Research Motivations v Societies and Autonomous Agents. v How can autonomous agents be integrated into societies regulated by norms? v What does an agent need to deal with norms? v What does an agent evaluate before dismissing a norm? v How are the goals of an agent affected by social regulations?

Overview § Norms and Normative Agents § The Norm Compliance Process § Strategies for

Overview § Norms and Normative Agents § The Norm Compliance Process § Strategies for Norm Compliance § Experiments with Normative Agents § Conclusions and Additional Work

Norms and Normative Agents § Norm adoption is the process through which an agent

Norms and Normative Agents § Norm adoption is the process through which an agent decides to create an internal representation of a norm. § Norm compliance is the process through which an agent’s goals are updated according to the norms it has decided to comply with.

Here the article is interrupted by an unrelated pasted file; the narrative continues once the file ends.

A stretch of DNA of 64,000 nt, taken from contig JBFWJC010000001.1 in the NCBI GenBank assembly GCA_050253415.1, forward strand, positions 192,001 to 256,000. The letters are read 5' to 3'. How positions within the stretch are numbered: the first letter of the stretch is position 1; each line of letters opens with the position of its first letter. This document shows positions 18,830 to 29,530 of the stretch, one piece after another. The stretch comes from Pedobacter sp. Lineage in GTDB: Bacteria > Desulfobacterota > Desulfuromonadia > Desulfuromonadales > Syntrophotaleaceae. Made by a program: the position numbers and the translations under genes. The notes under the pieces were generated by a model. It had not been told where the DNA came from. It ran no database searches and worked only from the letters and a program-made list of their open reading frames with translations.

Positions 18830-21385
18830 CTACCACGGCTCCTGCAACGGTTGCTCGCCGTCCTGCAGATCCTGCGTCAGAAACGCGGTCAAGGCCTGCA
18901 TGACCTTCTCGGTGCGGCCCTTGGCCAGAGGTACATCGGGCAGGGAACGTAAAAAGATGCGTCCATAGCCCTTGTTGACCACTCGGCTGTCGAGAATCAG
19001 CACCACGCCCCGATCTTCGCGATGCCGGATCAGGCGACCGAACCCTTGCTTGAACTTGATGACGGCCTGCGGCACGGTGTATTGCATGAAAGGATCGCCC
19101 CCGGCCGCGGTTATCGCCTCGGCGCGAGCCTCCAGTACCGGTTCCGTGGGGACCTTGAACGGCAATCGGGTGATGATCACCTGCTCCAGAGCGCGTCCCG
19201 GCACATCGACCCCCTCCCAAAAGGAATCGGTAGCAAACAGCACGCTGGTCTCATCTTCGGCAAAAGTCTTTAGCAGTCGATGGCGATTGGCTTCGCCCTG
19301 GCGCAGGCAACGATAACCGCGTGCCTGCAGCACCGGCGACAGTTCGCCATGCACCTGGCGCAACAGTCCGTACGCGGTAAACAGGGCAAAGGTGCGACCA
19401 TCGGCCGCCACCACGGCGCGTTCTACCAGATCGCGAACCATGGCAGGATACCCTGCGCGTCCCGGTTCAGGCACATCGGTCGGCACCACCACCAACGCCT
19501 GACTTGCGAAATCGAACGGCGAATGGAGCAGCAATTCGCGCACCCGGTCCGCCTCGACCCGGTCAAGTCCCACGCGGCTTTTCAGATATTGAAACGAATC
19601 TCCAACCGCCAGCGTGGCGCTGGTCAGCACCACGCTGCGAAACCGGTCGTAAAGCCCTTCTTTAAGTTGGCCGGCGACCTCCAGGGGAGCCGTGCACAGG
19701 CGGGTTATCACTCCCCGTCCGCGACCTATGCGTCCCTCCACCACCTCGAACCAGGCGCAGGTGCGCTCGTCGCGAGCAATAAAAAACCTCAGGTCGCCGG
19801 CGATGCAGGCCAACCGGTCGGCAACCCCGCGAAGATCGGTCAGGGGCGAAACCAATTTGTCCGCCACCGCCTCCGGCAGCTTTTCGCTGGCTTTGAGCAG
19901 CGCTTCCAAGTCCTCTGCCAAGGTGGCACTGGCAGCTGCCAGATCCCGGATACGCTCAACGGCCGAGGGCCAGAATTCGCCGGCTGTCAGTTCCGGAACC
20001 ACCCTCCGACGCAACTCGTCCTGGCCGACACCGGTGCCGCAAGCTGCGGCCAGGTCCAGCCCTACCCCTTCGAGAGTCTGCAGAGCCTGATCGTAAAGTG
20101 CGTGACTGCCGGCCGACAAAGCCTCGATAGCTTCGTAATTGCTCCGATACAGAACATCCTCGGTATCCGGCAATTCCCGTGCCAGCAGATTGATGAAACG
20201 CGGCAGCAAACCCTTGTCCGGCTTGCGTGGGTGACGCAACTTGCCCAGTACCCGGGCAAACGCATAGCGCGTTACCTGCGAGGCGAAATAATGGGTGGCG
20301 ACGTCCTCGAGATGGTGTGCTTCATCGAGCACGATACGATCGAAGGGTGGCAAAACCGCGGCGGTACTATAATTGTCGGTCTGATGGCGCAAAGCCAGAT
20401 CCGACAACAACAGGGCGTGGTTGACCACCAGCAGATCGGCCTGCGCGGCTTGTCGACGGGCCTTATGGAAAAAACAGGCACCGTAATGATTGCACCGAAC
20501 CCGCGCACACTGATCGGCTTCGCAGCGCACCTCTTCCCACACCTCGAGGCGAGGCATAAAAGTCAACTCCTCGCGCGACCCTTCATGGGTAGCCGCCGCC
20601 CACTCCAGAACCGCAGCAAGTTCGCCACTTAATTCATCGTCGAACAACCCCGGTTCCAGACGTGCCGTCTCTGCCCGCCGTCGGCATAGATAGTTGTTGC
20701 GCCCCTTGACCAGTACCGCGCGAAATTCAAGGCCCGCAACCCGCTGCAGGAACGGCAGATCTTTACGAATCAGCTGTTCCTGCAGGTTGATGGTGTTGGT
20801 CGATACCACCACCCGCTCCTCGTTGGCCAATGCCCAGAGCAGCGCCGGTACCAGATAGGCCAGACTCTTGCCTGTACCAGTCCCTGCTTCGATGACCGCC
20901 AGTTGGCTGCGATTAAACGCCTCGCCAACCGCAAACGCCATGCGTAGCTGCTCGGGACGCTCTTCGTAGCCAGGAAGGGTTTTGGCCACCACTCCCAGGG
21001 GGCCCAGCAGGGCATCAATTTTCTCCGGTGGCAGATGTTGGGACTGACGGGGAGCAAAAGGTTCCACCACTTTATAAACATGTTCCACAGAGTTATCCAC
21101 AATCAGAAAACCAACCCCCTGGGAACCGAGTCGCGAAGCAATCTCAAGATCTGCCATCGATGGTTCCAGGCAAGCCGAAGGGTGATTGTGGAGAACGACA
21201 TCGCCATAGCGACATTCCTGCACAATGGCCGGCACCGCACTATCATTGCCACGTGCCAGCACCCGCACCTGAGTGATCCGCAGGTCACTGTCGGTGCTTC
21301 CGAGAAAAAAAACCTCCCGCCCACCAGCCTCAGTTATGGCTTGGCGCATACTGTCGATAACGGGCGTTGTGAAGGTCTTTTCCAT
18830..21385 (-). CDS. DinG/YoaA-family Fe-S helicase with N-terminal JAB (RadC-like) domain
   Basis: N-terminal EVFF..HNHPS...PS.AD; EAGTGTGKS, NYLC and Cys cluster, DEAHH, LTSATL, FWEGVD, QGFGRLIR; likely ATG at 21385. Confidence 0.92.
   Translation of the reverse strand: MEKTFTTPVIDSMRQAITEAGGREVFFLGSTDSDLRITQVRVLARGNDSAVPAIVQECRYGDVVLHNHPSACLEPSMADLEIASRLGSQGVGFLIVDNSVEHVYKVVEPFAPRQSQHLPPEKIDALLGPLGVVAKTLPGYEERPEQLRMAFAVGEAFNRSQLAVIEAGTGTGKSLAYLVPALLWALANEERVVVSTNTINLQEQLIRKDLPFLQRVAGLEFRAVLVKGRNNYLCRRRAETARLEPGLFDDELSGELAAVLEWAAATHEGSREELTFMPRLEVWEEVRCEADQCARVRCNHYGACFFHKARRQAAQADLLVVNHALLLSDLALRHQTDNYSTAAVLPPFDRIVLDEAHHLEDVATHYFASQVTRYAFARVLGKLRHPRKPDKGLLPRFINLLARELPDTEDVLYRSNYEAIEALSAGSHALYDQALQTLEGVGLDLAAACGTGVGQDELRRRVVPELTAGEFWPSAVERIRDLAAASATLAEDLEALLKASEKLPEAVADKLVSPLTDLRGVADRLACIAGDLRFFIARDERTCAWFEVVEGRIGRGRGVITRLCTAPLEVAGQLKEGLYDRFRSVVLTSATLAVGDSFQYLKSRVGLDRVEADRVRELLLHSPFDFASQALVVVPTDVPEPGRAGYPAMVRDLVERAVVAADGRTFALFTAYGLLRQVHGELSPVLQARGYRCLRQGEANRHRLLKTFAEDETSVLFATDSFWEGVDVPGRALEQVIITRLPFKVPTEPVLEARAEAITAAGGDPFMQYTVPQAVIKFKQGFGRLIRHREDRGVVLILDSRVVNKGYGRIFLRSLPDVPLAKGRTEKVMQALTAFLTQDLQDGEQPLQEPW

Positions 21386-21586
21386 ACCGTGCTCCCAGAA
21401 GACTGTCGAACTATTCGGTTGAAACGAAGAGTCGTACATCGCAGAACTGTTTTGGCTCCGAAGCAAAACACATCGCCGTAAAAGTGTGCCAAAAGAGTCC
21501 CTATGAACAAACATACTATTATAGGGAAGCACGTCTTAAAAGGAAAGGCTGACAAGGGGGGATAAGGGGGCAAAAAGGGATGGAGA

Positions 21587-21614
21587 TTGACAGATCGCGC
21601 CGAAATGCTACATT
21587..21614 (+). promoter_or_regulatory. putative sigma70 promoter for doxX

Norms and Normative Agents § A normative agent is an autonomous agent whose behaviour

Norms and Normative Agents § A normative agent is an autonomous agent whose behaviour is shaped by the norms it must comply with. § A normative agent must be § able to decide, based on its own goals and motivations, whether a norm must be either adopted or complied with. § aware of the consequences of dismissing norms.

Norms and Normative Agents § § Compliance with norms is § enforced through punishments,

Norms and Normative Agents § § Compliance with norms is § enforced through punishments, and § encouraged through rewards. Neither punishments nor rewards are effective without being related to the current goals of an agent. § Punishments must hinder important goals. § Rewards must benefit important goals.

Norm Compliance: norm processing active norms intended norms rejected norms

Norm Compliance: norm processing active norms intended norms rejected norms

Norm Compliance: affected goals normative goals hindered by normative gs rewards benefited from rewards

Norm Compliance: affected goals normative goals hindered by normative gs rewards benefited from rewards punishments hindered by punishments intended norms rejected norms